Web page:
The other option is to deduct the cost of your pump, pump supplies, and PumpEase on your taxes. However, since only 1/3 of Americans itemize their taxes (as opposed to taking the Standard Deduction), this won't be practical for everyone. Many companies offer health spending plans in their benefits packages, though, so it's worth a call to HR to find out if that's an option for you.
You won't need a prescription from your doctor or any other kind of verification to deduct the cost of your breast pump, pump supplies, and PumpEase from your taxes or purchase them with your health spending account.
The best thing to do here is TRY! Since things are currently very open-ended and undefined, it's absolutely worth a try to either purchase your PumpEase with a health spending account or deduct it from your taxes, if you itemize. We'll be watching for further developments and details on this subject, so stay tuned!
Have you submitted your pump, pump supplies, or PumpEase for reimbursement through a health spending account? We'd love to hear about your experience!
The following is an interview with Jen from Life With Levi. Jen bought a PumpEase from us a couple of months ago and so loved it that she contacted us to pitch an idea to PIP (pump in public) on Black Friday, take pictures and blog about it! We were SOOO game! So we sent her a complimentary PumpEase (so that she had one for work and one for home) and sat back and watched her go! Jen then told us she also wanted to review PumpEase which we were also thrilled about. And as you can see, er... read, she wrote an honest, thorough and detailed review! Keep your eyes on Jen - she is an exclusively pumping mom with lots of experiences to share!
OK, now for the interview...
Wendy: When did you know that you wanted to breastfeed your baby?
Jen: I always planned on breastfeeding. I guess I didn't really consider that there were other options. I mean, I know formula exists, but I've always thought of formula as Plan B, not Plan A.
Wendy: How were the early days of breastfeeding for you and your son?
Jen: They were a struggle from the beginning. At the hospital, I had a lactation consultant visit to help me. She recommended using a nipple shield, since I apparently have a flat nipple (This was news to me, but it's true. Amazing what you learn about your body when breastfeeding!). Even with the nipple shield, breastfeeding was a struggle. I went back to see the lactation consultant a week later - she told me part of our issue was my letdown, and that I should try pumping a bit before breastfeeding so that the milk was already flowing when Levi latched on. Trying to manage pumping, getting a nipple shield in place, and a squirming, crying newborn was tough, and it only worked partially for us. I was lucky if I could get Levi to feed for more than 5 or 10 minutes at a time. After we both got frustrated, I would switch to pumping, then bottle feed him the pumped milk. I wanted to keep our breastfeeding relationship going, but I also wanted to make sure he got enough to eat when he was hungry, and that's what worked for us.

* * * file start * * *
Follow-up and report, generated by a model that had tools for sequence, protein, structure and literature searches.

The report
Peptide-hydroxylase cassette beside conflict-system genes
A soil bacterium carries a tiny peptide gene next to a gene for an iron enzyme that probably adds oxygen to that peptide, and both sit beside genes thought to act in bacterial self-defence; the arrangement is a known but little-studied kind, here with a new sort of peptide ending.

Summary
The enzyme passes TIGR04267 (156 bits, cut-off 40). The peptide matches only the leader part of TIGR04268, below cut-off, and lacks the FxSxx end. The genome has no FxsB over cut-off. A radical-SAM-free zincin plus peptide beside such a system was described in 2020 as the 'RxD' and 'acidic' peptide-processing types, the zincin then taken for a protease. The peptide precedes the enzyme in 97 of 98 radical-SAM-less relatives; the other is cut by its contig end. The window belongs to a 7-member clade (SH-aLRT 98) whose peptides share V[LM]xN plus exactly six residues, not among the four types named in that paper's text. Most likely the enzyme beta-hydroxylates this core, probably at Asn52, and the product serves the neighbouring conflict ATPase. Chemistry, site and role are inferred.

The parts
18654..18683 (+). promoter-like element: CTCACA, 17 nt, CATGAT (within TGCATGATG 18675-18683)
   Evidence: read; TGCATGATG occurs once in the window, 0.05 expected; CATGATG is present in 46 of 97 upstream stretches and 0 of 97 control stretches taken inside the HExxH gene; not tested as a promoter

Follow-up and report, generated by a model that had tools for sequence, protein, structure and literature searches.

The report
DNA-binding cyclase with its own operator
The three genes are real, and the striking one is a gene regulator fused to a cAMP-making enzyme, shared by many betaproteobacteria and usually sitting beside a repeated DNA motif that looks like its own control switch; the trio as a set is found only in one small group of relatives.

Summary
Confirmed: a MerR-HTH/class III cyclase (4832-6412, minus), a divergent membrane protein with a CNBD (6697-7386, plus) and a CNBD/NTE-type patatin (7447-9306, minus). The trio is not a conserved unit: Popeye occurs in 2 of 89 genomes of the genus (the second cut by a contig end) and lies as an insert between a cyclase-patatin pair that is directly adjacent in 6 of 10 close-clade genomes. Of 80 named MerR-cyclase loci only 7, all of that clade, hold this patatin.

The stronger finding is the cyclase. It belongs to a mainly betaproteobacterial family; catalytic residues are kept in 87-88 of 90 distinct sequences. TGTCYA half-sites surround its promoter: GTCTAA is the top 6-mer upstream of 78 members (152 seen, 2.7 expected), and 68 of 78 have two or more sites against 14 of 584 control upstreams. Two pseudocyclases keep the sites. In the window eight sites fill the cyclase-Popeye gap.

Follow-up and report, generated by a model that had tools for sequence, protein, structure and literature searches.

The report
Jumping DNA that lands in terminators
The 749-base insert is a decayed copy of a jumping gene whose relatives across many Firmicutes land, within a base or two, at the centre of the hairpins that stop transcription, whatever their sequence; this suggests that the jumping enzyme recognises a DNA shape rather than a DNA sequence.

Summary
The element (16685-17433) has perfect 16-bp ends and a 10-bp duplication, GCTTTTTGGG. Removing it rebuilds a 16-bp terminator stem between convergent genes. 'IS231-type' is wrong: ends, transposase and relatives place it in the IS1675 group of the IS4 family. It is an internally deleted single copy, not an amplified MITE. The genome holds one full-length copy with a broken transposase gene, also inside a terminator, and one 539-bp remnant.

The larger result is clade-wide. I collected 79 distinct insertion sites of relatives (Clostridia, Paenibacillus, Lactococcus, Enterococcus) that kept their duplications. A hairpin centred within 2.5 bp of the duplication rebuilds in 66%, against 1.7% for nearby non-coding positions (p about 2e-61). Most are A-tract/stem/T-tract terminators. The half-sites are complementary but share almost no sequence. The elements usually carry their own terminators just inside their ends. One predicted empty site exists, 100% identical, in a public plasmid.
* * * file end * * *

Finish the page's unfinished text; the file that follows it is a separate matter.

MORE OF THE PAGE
Wendy: How were the early days of pumping? How was your letdown? Finding the time to pump? Was it hard to pump enough milk?
Jen: Pumping for me was an emotional experience in the early days. I would cry while pumping, because I felt like a failure that I wasn't breastfeeding the "normal" way. It was both a relief and a chore - the pump didn't have latch issues or pull away from my breast, but it did take time. As a sleepless, exhausted new mom, it was a tough cycle - trying to find time to pump with everything else going on was really hard. Once I started pumping, though, I had absolutely no trouble maintaining my supply. In fact, I probably have an oversupply of milk now thanks to all the pumping I did in the early days and continue to do now.
Wendy: What brand/model of pump do you use? Do you rent or own?